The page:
Fundamentals, like basketball free throws and perfectly run routes in football, are critical in sports. With the goal of winning championships on his mind did Jerry Rice, while training into his early 40’s ever stop running perfect routes in the off-season? Did Ray Allen, one of the greatest free throw shooters of all time, just throw up a couple from the line at the end of his workouts? I doubt it. Deliberate practice is a concept covered in detail in the book “Talent Is Overrated”. Speaking very generally, much focused effort with consistent feedback is required to be on the right track toward reaching your goals.
The same goes for the strength and fitness world. It’s tough to get in great shape or build impressive strength by simply going through the motions. Pavel Tsatsouline said it best when he said strength is a skill. When an athlete or client trains with me I want them to improve both their movement skills and strength. How are we going to do that? Repetition. Now that doesn’t mean lifting light weights for hundreds of reps. What it does entail is practicing and perfecting fundamental movements and exercises on a regular basis. Only a few reps at a time, but consistently and with feedback from your own body or coach. Quality over quantity is the key here. There is much to be improved and learned about your own body through the practice of various squatting, deadlifting, pushing and pulling movements plus the kettlebell swing and get-up. The same can be said for jumping, skipping, shuffling, stopping and going. With anything, being great at the basics sets a good foundation for success.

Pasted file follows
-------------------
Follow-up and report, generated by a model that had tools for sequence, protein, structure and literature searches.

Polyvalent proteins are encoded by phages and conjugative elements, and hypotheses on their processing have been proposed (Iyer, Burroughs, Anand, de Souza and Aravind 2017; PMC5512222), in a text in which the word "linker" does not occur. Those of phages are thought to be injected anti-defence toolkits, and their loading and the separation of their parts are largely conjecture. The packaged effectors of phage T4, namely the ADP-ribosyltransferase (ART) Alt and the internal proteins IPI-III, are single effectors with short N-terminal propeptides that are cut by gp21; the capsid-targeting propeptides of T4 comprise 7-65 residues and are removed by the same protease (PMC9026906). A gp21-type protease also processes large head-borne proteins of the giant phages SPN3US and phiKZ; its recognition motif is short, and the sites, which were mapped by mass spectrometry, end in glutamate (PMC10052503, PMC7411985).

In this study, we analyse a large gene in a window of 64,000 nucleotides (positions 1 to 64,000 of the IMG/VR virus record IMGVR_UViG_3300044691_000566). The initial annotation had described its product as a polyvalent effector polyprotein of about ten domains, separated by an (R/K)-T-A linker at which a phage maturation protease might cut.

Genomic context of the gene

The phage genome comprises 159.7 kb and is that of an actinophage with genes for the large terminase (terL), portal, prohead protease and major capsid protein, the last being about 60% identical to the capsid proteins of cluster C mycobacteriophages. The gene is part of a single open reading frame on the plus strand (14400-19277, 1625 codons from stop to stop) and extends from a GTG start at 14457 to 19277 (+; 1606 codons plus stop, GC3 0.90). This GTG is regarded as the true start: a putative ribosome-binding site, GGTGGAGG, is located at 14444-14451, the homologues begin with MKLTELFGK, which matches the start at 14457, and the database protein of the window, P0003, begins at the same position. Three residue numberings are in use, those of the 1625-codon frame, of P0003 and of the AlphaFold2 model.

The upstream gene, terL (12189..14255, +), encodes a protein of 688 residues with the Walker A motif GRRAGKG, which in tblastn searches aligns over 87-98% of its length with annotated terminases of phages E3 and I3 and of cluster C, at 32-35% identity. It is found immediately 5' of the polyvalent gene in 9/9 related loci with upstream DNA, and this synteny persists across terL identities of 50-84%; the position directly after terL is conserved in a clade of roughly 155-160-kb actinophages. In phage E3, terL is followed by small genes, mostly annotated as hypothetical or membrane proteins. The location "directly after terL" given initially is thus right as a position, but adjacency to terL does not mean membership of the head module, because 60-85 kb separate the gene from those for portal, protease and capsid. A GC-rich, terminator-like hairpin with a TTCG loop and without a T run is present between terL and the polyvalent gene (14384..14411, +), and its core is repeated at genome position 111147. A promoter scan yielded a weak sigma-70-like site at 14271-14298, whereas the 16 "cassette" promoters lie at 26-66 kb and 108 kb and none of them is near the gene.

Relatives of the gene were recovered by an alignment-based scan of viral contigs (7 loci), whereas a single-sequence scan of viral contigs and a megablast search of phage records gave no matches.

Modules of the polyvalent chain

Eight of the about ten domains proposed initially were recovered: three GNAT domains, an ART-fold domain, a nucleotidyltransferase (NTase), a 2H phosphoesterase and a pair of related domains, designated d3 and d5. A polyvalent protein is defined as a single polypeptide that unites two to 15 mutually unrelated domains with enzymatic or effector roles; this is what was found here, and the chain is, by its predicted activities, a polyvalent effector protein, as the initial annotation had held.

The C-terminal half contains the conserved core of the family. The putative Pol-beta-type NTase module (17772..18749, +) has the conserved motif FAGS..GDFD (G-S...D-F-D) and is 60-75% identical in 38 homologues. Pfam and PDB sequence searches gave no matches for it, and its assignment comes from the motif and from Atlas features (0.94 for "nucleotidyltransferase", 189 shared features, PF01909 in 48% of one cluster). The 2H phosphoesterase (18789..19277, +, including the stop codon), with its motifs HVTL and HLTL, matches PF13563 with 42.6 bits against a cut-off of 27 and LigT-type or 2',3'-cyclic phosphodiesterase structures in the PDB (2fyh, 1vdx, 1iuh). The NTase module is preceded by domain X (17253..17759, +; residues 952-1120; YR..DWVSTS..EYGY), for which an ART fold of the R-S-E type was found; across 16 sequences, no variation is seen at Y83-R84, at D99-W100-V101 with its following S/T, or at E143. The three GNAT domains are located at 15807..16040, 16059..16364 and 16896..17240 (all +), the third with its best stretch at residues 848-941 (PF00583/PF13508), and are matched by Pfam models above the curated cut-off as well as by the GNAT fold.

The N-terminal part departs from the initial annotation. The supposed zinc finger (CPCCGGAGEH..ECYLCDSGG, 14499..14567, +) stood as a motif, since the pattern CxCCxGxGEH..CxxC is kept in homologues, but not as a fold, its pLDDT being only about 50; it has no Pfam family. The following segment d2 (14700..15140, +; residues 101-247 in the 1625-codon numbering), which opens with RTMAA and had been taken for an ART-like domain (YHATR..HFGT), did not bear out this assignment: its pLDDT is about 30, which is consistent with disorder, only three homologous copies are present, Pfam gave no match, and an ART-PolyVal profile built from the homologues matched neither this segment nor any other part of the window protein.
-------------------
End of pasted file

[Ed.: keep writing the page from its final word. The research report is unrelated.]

Whether you’re a parent, a practicing lawyer or a college athlete there is only so much time that can be dedicated to fitness and training. As an athlete you’ve got homework and play calls to remember. If you’re a working parent the busy schedule is never ending. Because of this, it is my firm belief that to both stay healthy and reach your goals outside of the gym it is best to keep it simple and stick to the basics. Do a few things, and do them extremely well. This approach may not be very exciting and new but it will help maximize your time and effort. While a 1-legged BOSU jumping squat thrust and press might be really hard and make you very sore, it’s a waste of time as far developing any sort of strong healthy body. Learn the fundamentals of movement (squat, push up, get-up, swing, etc.) and practice them repeatedly with variation and/or load.
Fundamentals. Mastery of anything is a never-ending process. Whatever your goal or sport, stay focused and keep practicing.
- Mike Baltren